Minneapolis Fed President and famous economist Narayan Kocherlakota made my jaw drop with this argument
Long-run monetary neutrality is an uncontroversial, simple, but nonetheless profound proposition. In particular, it implies that if the FOMC maintains the fed funds rate at its current level of 0-25 basis points for too long, both anticipated and actual inflation have to become negative. Why? It’s simple arithmetic. Let’s say that the real rate of return on safe investments is 1 percent and we need to add an amount of anticipated inflation that will result in a fed funds rate of 0.25 percent. The only way to get that is to add a negative number—in this case, –0.75 percent.
Kocherlakota asserts that expansionary monetary policy will eventually cause deflation. This is very odd. My honest opinion is that he wants to argue for a higher target federal funds rate and he’s decided to present every argument that supports that proposal even if it is half baked, unbaked or negabaked (frozen ?). However, I can’t resist trying to make sense of the argument (after the jump I try and fail).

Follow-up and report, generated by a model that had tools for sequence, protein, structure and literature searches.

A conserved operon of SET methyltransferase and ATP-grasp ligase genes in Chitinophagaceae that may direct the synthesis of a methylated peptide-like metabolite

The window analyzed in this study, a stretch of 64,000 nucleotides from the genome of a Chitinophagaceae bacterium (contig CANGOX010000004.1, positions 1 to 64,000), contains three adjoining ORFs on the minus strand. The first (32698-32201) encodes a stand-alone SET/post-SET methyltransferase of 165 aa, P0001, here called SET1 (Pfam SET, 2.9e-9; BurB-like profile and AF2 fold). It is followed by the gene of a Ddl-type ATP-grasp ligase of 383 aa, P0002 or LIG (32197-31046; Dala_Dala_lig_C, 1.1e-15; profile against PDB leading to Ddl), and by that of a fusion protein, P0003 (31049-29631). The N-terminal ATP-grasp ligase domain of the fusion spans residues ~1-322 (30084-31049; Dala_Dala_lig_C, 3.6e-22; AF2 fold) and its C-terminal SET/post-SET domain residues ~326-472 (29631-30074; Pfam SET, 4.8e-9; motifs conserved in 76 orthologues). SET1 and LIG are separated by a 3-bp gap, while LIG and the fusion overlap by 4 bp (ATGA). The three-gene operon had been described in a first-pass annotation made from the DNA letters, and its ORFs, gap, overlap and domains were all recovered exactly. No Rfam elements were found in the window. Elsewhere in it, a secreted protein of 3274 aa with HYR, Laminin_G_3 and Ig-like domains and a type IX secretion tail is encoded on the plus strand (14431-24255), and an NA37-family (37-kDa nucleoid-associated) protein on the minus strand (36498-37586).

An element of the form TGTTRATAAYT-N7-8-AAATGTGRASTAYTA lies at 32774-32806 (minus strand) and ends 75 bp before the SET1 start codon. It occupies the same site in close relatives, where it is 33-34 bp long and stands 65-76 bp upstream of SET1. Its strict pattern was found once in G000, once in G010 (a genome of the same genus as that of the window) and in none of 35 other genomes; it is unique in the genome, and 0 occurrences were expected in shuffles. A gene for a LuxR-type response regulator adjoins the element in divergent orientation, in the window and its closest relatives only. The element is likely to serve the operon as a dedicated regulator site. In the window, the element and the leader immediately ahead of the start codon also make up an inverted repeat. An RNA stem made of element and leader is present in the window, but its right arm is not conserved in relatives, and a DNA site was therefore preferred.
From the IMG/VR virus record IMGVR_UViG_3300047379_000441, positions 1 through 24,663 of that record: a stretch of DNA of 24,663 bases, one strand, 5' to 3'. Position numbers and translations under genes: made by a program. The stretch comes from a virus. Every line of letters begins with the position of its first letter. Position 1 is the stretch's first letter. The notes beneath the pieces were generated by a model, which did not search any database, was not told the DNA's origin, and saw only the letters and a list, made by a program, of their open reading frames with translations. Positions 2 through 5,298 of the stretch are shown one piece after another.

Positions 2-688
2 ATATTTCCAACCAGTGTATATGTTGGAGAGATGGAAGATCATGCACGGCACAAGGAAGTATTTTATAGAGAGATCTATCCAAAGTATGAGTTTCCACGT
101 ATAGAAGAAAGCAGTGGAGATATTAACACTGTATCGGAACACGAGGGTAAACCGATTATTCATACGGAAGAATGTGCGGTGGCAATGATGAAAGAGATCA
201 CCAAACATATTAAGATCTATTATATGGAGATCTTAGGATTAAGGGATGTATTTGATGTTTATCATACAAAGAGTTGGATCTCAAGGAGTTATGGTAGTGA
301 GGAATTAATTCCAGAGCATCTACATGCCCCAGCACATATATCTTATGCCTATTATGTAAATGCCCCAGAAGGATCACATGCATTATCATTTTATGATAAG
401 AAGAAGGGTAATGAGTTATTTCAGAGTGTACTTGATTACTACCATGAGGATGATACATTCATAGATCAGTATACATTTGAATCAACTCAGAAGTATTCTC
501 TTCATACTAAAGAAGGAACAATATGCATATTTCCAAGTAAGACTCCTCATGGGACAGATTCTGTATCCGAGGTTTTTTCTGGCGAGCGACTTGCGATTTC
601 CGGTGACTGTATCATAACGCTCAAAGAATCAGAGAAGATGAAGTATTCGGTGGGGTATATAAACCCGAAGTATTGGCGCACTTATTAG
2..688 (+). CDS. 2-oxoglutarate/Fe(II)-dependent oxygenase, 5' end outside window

First, as noted by Andy Harless, Kocherlakota is asserting super-neutrality – not just that the level of the money supply doesn’t affect real variables in the long run but also that the rate of growth of money doesn’t affect real variables in the long run. Kocherlakota is right that this claim is not controversial – it is uncontroversially false as argued in, say, much of Kocherlakota’s academic work. Weird.
Second, Kocherlakota does not say anything about economic agents and their objectives. For there to be deflation firms must lower prices. Kocherlakota does not discuss why firms might do that. This is very strange coming from an economist who was, until recently, chairman of the Minnesota economics department.
update: This is not as unoriginal and pointless as the rest of the post.
Immediately above the quoted passage Kocherlakota wrote